The Bay Area’s once-scorching housing market continued to cool in June, with home prices posting their biggest monthly decline in at least three decades this season.
In June, the median price of single-family homes in the nine-county region fell 7% from the previous month — from $1.5 million to $1.4 million, according to data from the California Association of Realtors. This is the steepest drop from May to June on record in the association’s regional home sales data since 1990.
What’s behind the record price drop? Real estate experts say rising interest rates, more homes sitting on the market longer and an increasingly uncertain economy — all could tip the Bay Area housing market after price hikes earlier this year.
“From this point forward, we probably won’t see another record price this year, at least for Berea or for the state,” said Oscar Way, deputy chief economist for the California Association of Realtors.
Wei noted that it is unusual to see such a sharp drop in prices in June, in the middle of the traditional summer home buying season.
In the core Bay Area, Alameda County saw the largest monthly price drop, 8 percent to $1.42 million. Next, San Francisco County was down 6% to $1.9 million, Santa Clara County was down 6% to $1.82 million, Contra Costa County was down 5% to $976,940 and San Mateo County was down 3% to $2.16 million. .
Still, Bay Area home prices rose 5% in June from a year earlier. But some counties saw year-over-year drops, including San Mateo (-5%), San Francisco (-3%) and Contra Costa (-1%).
During most of the pandemic, home prices have soared as house hunters — many who work remotely from the office and buy at historically-low interest rates — are locked in a mad rush for homes, sometimes bidding for hundreds of thousands of dollars in asking prices. .
But as the Federal Reserve raised borrowing costs this year to slow runaway inflation, mortgage rates for both jumbo and 30-year fixed mortgages rose to 5.5%. This is down from less than 3% during the epidemic.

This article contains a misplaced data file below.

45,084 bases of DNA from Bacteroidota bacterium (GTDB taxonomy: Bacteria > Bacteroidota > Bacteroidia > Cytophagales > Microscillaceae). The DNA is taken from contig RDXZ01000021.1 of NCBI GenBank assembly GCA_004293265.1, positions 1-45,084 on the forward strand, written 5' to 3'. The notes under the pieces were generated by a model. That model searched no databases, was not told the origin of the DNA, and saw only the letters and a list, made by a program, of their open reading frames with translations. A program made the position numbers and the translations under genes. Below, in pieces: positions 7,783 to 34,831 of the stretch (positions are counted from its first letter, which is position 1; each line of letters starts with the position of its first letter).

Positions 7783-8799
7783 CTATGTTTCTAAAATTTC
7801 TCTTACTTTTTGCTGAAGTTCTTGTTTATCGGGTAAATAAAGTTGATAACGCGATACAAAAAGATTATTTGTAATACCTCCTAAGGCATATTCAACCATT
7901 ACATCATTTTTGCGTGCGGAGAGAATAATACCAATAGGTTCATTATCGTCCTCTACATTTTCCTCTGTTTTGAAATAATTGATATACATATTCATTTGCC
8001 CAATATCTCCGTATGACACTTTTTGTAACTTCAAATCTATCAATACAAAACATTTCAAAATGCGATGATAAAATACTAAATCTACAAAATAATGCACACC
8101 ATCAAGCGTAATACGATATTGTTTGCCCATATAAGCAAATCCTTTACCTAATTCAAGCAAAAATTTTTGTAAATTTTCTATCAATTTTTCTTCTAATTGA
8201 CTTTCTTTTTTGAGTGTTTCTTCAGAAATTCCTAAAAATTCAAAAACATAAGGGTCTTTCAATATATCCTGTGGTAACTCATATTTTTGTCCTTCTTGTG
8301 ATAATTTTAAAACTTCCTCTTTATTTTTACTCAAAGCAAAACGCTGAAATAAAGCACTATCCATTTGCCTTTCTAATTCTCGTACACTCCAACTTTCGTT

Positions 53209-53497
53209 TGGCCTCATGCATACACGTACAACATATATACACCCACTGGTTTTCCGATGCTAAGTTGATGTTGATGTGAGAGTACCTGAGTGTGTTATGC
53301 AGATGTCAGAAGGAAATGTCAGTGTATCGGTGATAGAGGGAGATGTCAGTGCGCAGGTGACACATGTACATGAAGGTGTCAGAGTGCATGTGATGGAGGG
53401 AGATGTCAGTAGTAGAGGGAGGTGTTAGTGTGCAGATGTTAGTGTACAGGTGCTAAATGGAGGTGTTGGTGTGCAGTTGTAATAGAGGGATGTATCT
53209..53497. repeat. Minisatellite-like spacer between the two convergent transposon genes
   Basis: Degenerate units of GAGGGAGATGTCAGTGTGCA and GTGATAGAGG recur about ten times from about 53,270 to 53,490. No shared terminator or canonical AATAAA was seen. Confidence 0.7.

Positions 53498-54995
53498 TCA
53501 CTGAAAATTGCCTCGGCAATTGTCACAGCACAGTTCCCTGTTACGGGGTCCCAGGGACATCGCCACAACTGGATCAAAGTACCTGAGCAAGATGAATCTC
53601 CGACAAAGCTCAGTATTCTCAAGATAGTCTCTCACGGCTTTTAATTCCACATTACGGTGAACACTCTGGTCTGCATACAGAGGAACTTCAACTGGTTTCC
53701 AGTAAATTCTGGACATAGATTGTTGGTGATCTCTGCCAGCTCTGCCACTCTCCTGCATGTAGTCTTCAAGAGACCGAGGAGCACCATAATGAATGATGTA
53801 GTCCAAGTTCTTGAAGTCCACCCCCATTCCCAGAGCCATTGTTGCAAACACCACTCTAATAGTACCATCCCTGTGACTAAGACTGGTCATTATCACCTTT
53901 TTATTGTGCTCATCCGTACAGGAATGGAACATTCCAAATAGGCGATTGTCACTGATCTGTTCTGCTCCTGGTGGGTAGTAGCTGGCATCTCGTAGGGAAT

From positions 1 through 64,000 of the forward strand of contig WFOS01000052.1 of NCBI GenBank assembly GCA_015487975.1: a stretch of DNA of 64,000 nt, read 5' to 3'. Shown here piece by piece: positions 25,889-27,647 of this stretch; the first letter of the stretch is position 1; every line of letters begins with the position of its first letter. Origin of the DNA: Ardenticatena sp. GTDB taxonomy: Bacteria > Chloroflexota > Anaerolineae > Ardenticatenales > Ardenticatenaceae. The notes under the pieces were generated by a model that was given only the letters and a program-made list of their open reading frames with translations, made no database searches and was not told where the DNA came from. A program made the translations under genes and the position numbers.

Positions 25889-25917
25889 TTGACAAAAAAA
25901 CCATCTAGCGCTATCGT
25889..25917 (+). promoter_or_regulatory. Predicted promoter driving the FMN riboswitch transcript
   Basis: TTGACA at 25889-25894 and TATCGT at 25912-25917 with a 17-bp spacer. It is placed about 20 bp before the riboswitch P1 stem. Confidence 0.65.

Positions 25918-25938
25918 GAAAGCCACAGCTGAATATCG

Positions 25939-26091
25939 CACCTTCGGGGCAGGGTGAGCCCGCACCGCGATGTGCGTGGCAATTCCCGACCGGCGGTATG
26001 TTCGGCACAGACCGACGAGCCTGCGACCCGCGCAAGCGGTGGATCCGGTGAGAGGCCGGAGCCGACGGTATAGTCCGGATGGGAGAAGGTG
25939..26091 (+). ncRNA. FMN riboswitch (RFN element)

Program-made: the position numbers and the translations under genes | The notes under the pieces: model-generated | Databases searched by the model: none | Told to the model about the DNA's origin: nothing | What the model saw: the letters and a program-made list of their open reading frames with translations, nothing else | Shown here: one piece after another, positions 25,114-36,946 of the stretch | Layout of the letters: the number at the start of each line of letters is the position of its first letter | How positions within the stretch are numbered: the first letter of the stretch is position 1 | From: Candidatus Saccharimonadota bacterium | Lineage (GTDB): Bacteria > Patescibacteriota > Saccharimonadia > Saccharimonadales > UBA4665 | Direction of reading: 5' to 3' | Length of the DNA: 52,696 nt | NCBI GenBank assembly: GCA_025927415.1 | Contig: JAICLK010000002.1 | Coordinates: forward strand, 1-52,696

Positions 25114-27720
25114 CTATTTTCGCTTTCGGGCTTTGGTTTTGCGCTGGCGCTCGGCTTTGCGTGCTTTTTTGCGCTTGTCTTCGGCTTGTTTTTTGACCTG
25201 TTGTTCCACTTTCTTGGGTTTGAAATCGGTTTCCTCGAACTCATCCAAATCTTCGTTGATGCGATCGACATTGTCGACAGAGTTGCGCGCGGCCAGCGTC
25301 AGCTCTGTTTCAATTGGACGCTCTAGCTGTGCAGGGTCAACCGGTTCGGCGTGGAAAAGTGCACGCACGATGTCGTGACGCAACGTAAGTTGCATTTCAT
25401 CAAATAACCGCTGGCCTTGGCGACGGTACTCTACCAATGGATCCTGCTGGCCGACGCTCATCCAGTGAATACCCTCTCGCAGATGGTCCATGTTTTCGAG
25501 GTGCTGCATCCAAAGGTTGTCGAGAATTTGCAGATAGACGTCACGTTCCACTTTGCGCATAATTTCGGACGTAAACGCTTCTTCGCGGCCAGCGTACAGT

Volatile financial markets have pushed some buyers out of the market, straining investment portfolios, adding to job cuts and raising fears of a possible recession.
In turn, Bay Area home sales fell 27 percent in June, the steepest decline in spring 2020 since the pandemic lockdowns halted most home purchases, Wei said.
South Bay Realtor Mary Bishop-Handy said the drop in demand has kept prices down and homes for sale longer, after some sellers jumped into the market in recent months to cash in on higher prices. Now, she said, many buyers and sellers are caught up to see who can blink first.
“It’s a lot of people waiting for the market to go up or down,” Pope-Handy said. “At some point the logjam breaks because people still need to buy and sell.”
That flexibility has contributed to an increase in furniture across the region. In Alameda County, the number of available listings nearly doubled from last year.
According to Paddy Kehoe, a real estate agent at East Bay Compass, active sellers now have to think more about how they put homes on the market.
“If it’s added at a low price, it won’t sell,” Kehoe said. “You have to know 100% what the price should be today.”
The California Economist Association of Realtors said the Bay Area is unlikely to see another month-over-month price decline of up to 7 percent, despite market conditions. That’s in part because, while the number of homes on the market has grown in the short term, the region’s years of slow housing construction remain tight compared to the rest of the Bay Area’s supply.
“Going forward, we will continue to see a moderate slowdown, but it will be more in line with a traditional seasonal slowdown than a sudden slowdown in that price trend.